When I first learned that Jim Shooter was taking over the writing chores on Legion of Super-Heroes, I was as near to ecstatic as I’m capable of getting. The Legion of Super-Heroes has been a favorite of mine since I was six years old (when Shooter was the fourteen-year-old wonder kid who was writing their adventures in . . . well, Adventure Comics, where else?).
Over the years, my favorite Legion stories have been those written by Shooter, Paul Levitz, Keith Giffen, Tom and Mary Bierbaum, and Mark Waid (during his first stint). After its first three years, I had not enjoyed this current iteration of the Legion as much as I had hoped I would. However, I was sure Shooter would return the team to its former glory.
Initially, Shooter’s third tenure with the team looked promising. However, now that we’re eleven issues into it, I’m no longer hopeful that this series can be saved. In fact, I just learned while writing this review that the rumors that have been circulating on the Internet for several weeks are correct--the series will conclude after four more issues when it reaches the 50th issue marker.
Back in May of this year, an unsubstantiated rumor was that Jim Shooter failed to make an appearance at the Bristol Comics Convention in the U.K. because he had resigned from Legion of Super-Heroes due to his original plans for the series having been “trampled on” by what Geoff Johns had planned for Final Crisis: Legion of Three Worlds. I have no idea if Shooter did actually leave the series back then or not. If he did, the follow-up rumor was that he was talked into coming back to finish out the string.
I also don’t know if the story Shooter has been telling in these last few issues is substantially altered from what he originally had in mind due to what Johns is doing in Legion of Three Worlds. What I do know, though, is that the series has been lacking energy for a few issues now--or maybe my own reading of the last few issues have been affected by the rumors about the impending demise of the series.
The plot still has plenty of dynamic potential--and some of that dynamism still comes out. After all, “foreign invaders from outside the galaxy” are attacking in “cosmic” ways. That’s a very energetic concept.
For instance, in the previous issue, the invaders inexplicably transported a Saturn-sized planet into the Sol System. Its presence destabilized the orbits of all of Sol’s planets, which would have destroyed Earth and all of the human colonies in the solar system had Brainiac Five not found a means to overcome its effect.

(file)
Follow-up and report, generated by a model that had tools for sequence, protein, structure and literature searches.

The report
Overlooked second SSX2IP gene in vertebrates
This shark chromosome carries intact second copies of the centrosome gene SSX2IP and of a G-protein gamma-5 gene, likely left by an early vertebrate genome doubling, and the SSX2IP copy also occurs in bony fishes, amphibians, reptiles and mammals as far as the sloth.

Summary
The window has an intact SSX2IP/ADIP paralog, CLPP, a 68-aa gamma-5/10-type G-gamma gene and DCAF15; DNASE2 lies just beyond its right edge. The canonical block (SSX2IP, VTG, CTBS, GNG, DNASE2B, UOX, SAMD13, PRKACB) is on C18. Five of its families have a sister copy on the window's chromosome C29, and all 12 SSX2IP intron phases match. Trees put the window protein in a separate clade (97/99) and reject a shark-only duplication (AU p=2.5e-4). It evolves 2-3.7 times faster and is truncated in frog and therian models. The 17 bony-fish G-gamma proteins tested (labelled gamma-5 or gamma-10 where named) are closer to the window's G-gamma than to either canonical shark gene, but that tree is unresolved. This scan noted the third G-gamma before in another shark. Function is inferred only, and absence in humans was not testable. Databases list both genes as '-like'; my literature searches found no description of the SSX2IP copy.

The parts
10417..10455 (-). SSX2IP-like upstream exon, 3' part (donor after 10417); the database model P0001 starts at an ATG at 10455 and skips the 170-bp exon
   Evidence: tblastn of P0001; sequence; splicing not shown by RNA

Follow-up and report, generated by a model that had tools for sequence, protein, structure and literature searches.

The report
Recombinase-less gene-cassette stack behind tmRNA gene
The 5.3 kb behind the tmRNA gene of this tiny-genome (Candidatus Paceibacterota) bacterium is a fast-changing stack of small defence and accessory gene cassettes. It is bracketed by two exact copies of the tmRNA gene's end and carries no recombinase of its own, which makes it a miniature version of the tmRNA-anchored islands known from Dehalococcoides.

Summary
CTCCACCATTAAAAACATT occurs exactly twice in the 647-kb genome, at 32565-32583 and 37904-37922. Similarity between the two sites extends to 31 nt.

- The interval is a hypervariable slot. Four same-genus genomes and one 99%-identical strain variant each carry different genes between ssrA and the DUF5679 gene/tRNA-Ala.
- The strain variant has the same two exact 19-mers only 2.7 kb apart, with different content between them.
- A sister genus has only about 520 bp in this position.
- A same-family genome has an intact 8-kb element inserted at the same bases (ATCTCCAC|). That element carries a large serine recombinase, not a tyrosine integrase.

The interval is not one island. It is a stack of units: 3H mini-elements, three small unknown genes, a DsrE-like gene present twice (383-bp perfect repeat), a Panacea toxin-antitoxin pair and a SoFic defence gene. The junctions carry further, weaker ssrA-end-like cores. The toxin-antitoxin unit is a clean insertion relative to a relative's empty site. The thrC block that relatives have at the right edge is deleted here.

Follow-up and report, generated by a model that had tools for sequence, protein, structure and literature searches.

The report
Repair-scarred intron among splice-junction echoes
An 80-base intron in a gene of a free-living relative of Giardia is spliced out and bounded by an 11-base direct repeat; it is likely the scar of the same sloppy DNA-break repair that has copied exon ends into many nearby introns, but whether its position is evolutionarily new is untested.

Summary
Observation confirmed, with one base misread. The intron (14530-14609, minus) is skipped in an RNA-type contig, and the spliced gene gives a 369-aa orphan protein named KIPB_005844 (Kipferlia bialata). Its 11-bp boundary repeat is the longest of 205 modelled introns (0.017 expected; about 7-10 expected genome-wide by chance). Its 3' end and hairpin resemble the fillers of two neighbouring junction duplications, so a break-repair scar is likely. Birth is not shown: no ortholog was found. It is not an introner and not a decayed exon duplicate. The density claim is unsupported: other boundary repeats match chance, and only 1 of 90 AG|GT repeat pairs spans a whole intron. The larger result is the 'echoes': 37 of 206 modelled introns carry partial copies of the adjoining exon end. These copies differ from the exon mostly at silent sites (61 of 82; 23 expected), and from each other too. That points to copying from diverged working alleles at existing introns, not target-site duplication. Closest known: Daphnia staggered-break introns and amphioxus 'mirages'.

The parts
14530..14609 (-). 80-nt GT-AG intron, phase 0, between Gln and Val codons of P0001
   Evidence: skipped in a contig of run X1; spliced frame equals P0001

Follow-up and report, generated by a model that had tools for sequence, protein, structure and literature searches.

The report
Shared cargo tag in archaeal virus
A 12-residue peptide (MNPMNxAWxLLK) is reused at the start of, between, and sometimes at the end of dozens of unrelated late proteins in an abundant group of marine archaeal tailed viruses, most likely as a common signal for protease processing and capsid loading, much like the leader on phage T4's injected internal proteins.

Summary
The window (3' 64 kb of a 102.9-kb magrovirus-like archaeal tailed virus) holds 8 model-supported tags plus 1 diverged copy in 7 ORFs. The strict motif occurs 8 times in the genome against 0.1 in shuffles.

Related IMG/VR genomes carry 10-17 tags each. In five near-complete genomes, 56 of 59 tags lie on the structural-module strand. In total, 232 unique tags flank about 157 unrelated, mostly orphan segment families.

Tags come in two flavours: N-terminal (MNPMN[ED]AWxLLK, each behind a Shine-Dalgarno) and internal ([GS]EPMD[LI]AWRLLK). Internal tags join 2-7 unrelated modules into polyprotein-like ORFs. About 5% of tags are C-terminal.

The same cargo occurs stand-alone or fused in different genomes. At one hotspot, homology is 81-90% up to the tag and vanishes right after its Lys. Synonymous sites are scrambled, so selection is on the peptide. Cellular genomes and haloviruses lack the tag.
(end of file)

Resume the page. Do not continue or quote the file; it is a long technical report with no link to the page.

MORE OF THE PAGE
Brainiac Five’s solution (also in the previous issue) was based on plausible-sounding pseudo-science as he manipulated the powers of Star Boy and Light Lass to affect the quantum fields (or something like that). All I really ask of these types of stories is that the pseudo-science in them sound plausible, and Shooter’s work on this series has mostly achieved that requirement.
There’s also the dynamic potential of the four-sided soap opera of Lightning Lad, Saturn Girl, Ultra Boy, and the female president of the United Planets. It, too, has the potential of plenty of intrigue that should be energizing this series--but it’s not.
I can’t point to anything specific in Shooter’s dialog or scripts that is not capitalizing on the potential of the plots--other than it just seems as if he’s writing to finish out a story without expanding on an initial outline for what he had planned. Additionally, Francis Manapul’s work has been competent-but-flat.
Even though Shooter had Brainiac Five, Star Boy, and Light Lass all statically seated in chairs (and hooked up to machinery) as they worked to manipulate the gravitational forces in the solar system to create stability, the images didn’t need to be non-dynamic. However, Manapul brought nothing to that static use of powers beyond a flat depiction of the event.
Energy drains from whatever is near death--though their may be a final spark of life just before the fatal moment. Thus, I’ll finish out this dying series to its end with the hope that it is able to flash out in a blaze of memorable and energetic storytelling glory rather than fade away slowly, which is what it seems to be doing.
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